Case Study: Pizza Hut Upgrades Mobile Ordering With Localized Deals

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PHMerchant: Pizza Hut
Size: Nearly 10,000 restaurants
Location: 90+ countries
Bottom Line: The ideal mobile ordering app is fast, simple, and peppered with local content from community franchise locations.

Almost two decades after Pizza Hut first began accepting orders online, the company is continuing to beef up its digital presence. The latest step is a major overhaul of the Pizza Hut mobile app, upgrading the online ordering experience with location-aware features and user-recognition capabilities. “The way apps are now, you want them to be able to perform what you need them to do, and then be able to close and be done with them as quickly as possible,” says Doug Terfehr, Pizza Hut’s director of public relations.

In an ideal world, customers should be able to use their smartphones to make orders without putting much thought into the technology that’s powering their mobile apps. Pizza Hut has integrated hyperlocal technology and localization features into its latest app release, making it possible for consumers to find nearby restaurant locations and source relevant coupons from individual franchisees. “[We should be] able to localize that menu for you, so you’re not just getting our national deals, but things that might be specific just to your city or the city you’re in,” says Terfehr.

Terfehr’s goal going into the app redesign process was to create a mobile system that would allow customers to place orders in less than 30 seconds. “It finds you no matter where you are. It will give you the contact information and anything you need for your local restaurant based upon what city you may be in,” says Terfehr. “That was our big focus.”

Individual Pizza Hut franchisees have the freedom to post local specials based on events going on in their communities, and Terfehr says it was important to be able to bring those specials into the mobile and application space.

One of the ways that Pizza Hut has sped up the mobile ordering process, besides providing customers with localized app content, is by ensuring that users stay logged in to their apps. “Once you’ve done it one time, it stores all of your information,” says Terfehr. “One your information is stored, like your home address, it recognizes you [and] it will immediately call up the menu. It’s all right there for you.”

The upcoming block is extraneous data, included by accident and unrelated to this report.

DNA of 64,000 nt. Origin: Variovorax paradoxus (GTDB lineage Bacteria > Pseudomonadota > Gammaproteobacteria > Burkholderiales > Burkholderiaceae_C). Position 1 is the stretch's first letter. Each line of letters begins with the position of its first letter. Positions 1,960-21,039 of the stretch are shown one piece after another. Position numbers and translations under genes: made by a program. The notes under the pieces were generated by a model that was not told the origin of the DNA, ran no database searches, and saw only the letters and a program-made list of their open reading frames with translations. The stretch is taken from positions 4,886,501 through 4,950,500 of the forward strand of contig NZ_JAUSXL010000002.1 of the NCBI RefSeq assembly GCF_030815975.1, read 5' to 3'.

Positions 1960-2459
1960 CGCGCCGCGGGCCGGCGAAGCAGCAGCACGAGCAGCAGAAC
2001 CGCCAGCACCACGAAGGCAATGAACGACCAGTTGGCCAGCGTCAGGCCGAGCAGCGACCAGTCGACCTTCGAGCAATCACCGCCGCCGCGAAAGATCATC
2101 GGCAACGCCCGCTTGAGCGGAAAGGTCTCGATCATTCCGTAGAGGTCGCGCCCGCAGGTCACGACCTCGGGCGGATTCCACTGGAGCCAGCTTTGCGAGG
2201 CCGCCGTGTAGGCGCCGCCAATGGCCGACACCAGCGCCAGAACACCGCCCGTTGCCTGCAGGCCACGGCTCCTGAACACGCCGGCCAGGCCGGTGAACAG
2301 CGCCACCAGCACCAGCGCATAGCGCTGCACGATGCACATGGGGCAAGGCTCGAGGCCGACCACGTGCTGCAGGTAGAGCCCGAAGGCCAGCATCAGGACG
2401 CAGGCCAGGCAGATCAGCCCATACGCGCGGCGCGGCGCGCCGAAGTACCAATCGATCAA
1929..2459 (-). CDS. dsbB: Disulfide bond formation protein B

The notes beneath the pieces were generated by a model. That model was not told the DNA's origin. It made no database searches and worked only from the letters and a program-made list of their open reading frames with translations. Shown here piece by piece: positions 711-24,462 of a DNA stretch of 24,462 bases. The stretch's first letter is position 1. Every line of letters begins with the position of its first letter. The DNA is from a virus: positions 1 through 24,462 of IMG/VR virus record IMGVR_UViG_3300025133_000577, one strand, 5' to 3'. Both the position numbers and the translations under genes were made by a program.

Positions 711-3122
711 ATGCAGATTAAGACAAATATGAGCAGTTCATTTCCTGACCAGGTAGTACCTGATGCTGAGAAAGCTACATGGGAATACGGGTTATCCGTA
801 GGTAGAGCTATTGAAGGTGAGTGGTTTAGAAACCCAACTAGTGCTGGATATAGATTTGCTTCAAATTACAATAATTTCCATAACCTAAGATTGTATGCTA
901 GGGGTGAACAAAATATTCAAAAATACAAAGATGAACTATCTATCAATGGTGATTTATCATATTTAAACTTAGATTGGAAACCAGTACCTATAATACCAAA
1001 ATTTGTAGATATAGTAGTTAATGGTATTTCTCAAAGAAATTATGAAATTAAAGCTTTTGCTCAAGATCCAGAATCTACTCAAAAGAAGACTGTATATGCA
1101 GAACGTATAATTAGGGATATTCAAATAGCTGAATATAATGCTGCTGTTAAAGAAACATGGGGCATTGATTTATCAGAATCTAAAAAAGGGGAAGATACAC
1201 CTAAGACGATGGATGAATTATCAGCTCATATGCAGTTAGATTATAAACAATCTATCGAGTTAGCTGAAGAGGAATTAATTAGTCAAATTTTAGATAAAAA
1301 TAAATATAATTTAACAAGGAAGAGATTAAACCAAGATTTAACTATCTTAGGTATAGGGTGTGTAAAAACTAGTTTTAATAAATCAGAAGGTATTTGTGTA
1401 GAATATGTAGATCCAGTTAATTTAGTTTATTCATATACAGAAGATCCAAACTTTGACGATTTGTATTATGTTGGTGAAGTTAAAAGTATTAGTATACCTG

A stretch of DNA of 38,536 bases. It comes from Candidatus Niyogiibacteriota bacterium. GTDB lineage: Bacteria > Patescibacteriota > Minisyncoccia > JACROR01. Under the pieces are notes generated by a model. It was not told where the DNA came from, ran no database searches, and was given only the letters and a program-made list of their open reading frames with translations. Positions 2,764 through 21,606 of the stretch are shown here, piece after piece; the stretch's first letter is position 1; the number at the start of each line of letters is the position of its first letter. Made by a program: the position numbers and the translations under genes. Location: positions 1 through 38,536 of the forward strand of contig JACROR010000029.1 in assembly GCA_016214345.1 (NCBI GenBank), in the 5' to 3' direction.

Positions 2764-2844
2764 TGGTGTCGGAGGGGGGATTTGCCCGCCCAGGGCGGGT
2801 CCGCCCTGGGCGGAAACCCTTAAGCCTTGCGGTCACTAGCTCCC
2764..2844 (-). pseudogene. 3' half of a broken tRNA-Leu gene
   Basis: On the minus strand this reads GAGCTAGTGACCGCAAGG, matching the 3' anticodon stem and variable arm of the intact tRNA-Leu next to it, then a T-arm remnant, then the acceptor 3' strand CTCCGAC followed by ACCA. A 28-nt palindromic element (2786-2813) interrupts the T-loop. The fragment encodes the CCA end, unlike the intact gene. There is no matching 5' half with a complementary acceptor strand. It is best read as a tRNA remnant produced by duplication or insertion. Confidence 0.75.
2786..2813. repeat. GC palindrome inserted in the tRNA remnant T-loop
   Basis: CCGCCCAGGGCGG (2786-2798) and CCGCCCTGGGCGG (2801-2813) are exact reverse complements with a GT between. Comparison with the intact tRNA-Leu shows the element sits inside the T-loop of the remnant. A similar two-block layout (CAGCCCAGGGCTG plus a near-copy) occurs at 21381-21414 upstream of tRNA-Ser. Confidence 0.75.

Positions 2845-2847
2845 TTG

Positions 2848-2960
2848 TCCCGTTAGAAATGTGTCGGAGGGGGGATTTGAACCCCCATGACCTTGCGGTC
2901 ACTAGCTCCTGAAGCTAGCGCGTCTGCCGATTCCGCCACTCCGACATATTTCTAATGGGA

This focus on speed and efficiency is a departure for Pizza Hut. Terfehr says there was a time when “fun” features like being able to “design” a pizza on an interactive screen were trendy. Now, the pendulum has swung in the other direction and simplicity is everything. “It was fun when apps first launched for you to be able to pinch and drag and do all these things, but now it’s more about the quickness and making it as simple as possible,” says Terfehr.

Since Pizza Hut’s new mobile ordering features were released last month, the company has already seen an increase in sales through the mobile app. Digital ordering now accounts for roughly one-third of deliveries and carry-out orders nationwide for Pizza Hut. “The customer feedback, as well as the sales results, have both been favorable and positive,” says Terfehr.

Terfehr expects Pizza Hut’s push into hyperlocal to continue, as the company strives to make its mobile app into more of an “experience.” “We know the primary reason why you’re there is to order pizza. We want to make that as simple and clean as possible. But while you’re there, or after you’ve finished with that experience, is there more we can do to make you learn more about our brand or engage more with our brand? That’s a little bit where we’re going,” says Terfehr. “We want to make it faster than it already is, but once you’re in the experience, we’d like to be able to provide you with some entertainment.”

The Takeaway
Pizza Hut has shifted gears in the four years since it first launched a mobile application in 2009. Whereas the company once focused on features built for entertainment — like allowing customers to “design” their own pizzas — Pizza Hut is now focusing more heavily on simplicity and ease-of-use. Technology should fade into the background, and user experience should be the most important aspect when designing a mobile ordering app. A major part of that user experience involves speed, which is where location-aware features come into play. By including GPS features and localizing deals for individual restaurants, Pizza Hut is making it easier for consumers to quickly complete their orders, even when they have spotty service or a poor Wi-Fi connection.

Stephanie Miles is an associate editor at Street Fight.

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Stephanie Miles is a journalist who covers personal finance, technology, and real estate. As Street Fight’s senior editor, she is particularly interested in how local merchants and national brands are utilizing hyperlocal technology to reach consumers. She has written for FHM, the Daily News, Working World, Gawker, Cityfile, and Recessionwire.